Library modules in web extensions

Adobe Experience Platform Launch has been rebranded as a suite of data collection technologies in Adobe Experience Platform. Several terminology changes have rolled out across the product documentation as a result. Please refer to the following document for a consolidated reference of the terminology changes.
This document covers the library module format for web extensions. If you are developing an edge extension, see the guide on formatting edge extension modules instead.

A library module is a piece of reusable code provided by an extension that is emitted inside the tag runtime library in Adobe Experience Platform. This library then runs on the client’s website. For example, a gesture event type will have a library module that will run on the client’s website and detects user gestures.

The library module is structured as a CommonJS module. Within a CommonJS module, the following variables are available for usage:


A require function is available for you to access:

  1. Core modules provided by tags. These modules may be accessed by using require('@adobe/reactor-name-of-module'). See the document on available core modules for more information.
  2. Other modules within your extension. Any module in your extension can be accessed via a relative path. The relative path must begin with ./ or ../.

Example usage:

var cookie = require('@adobe/reactor-cookie');
cookie.set('foo', 'bar');


A free variable named module is available which allows you to export the module’s API.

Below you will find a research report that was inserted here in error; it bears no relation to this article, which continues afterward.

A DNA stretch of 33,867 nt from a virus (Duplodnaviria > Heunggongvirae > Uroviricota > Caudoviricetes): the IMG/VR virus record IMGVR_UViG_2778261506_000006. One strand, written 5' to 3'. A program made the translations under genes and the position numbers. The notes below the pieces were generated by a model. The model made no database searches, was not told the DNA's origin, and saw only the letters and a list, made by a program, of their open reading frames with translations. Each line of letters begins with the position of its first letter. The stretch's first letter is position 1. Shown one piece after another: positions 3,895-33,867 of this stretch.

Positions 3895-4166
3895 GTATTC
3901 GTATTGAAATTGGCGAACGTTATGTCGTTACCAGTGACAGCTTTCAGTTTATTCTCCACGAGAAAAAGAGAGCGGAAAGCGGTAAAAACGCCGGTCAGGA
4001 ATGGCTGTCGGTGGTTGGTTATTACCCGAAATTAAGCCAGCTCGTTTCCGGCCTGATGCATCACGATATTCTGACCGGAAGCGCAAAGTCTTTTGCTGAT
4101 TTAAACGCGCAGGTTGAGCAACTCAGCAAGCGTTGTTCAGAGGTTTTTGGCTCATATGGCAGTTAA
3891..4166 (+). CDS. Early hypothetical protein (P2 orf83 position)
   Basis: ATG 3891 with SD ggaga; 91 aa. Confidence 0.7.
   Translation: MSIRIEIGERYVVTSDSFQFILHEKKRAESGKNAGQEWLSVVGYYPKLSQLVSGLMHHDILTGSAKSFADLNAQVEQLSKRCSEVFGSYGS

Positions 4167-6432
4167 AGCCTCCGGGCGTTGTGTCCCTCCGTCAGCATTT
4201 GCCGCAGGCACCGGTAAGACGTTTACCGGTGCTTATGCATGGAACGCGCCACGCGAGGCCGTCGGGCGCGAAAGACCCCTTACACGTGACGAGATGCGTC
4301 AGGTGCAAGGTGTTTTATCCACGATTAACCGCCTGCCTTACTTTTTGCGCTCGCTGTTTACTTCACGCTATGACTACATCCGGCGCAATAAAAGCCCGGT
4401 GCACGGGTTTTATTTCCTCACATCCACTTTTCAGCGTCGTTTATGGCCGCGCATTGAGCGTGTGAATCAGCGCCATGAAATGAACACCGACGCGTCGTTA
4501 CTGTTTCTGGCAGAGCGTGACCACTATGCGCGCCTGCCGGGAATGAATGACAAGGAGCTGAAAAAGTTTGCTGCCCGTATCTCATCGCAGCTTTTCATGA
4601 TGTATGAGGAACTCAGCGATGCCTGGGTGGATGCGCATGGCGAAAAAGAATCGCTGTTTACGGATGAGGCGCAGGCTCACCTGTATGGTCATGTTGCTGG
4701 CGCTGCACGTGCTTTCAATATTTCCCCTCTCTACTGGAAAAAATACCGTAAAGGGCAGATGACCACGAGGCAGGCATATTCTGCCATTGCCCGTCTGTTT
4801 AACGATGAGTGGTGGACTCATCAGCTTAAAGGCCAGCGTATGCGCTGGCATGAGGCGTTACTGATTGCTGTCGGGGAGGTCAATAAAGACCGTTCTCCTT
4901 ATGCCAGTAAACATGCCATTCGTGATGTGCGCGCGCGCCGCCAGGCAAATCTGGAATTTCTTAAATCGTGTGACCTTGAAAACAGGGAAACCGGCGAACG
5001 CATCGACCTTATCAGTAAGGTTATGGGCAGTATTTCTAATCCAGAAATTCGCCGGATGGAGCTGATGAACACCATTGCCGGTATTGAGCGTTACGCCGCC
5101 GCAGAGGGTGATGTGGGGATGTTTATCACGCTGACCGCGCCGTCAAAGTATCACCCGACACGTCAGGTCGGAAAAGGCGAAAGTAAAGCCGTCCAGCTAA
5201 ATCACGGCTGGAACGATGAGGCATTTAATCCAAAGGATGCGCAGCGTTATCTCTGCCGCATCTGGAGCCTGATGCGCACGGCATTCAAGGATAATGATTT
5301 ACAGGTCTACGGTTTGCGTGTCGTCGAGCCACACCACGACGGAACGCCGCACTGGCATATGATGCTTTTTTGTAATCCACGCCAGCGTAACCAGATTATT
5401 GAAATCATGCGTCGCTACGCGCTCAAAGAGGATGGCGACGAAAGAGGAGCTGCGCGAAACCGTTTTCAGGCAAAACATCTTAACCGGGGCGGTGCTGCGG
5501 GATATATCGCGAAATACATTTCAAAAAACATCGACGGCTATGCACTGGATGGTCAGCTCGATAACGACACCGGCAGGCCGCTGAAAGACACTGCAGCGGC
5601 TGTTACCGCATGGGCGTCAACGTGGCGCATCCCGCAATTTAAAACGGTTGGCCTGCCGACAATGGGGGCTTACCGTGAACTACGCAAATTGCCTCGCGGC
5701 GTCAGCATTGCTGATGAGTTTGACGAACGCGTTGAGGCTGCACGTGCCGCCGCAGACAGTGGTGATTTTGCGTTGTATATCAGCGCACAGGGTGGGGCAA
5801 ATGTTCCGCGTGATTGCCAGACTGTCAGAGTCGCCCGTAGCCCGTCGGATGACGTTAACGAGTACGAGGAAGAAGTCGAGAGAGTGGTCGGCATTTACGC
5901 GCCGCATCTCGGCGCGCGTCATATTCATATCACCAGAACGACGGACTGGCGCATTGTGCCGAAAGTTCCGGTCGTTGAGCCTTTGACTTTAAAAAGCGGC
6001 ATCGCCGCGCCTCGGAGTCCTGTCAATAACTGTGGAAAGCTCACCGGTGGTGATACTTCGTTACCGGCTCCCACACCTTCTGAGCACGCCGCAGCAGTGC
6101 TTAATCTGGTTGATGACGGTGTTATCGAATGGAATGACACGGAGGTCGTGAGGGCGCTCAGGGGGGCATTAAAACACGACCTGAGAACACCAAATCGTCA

Example usage:

module.exports = function(…) { … }

exports exports-variable

A free variable named exports is available which allows you to export the module’s API.

Example usage:

exports.sayHello = function(…) { … }

This is an alternative to module.exports but is more limited in its usage. Please read Understanding module.exports and exports in node.js for a better understanding of the differences between module.exports and exports and the related caveats with using exports. When in doubt, make your life easier and use module.exports rather than exports.

Execution and caching

When the tag runtime library runs, modules will be immediately “installed” and their exports cached. Assuming the following module:

console.log('runs on startup');

module.exports = function(settings) {
  console.log('runs when necessary');

runs on startup will be logged immediately whereas runs when necessary will only be logged once the exported function is called by the tag engine. While it may be unnecessary for the purpose of your particular module, you may take advantage of this by performing any setup necessary before exporting the function.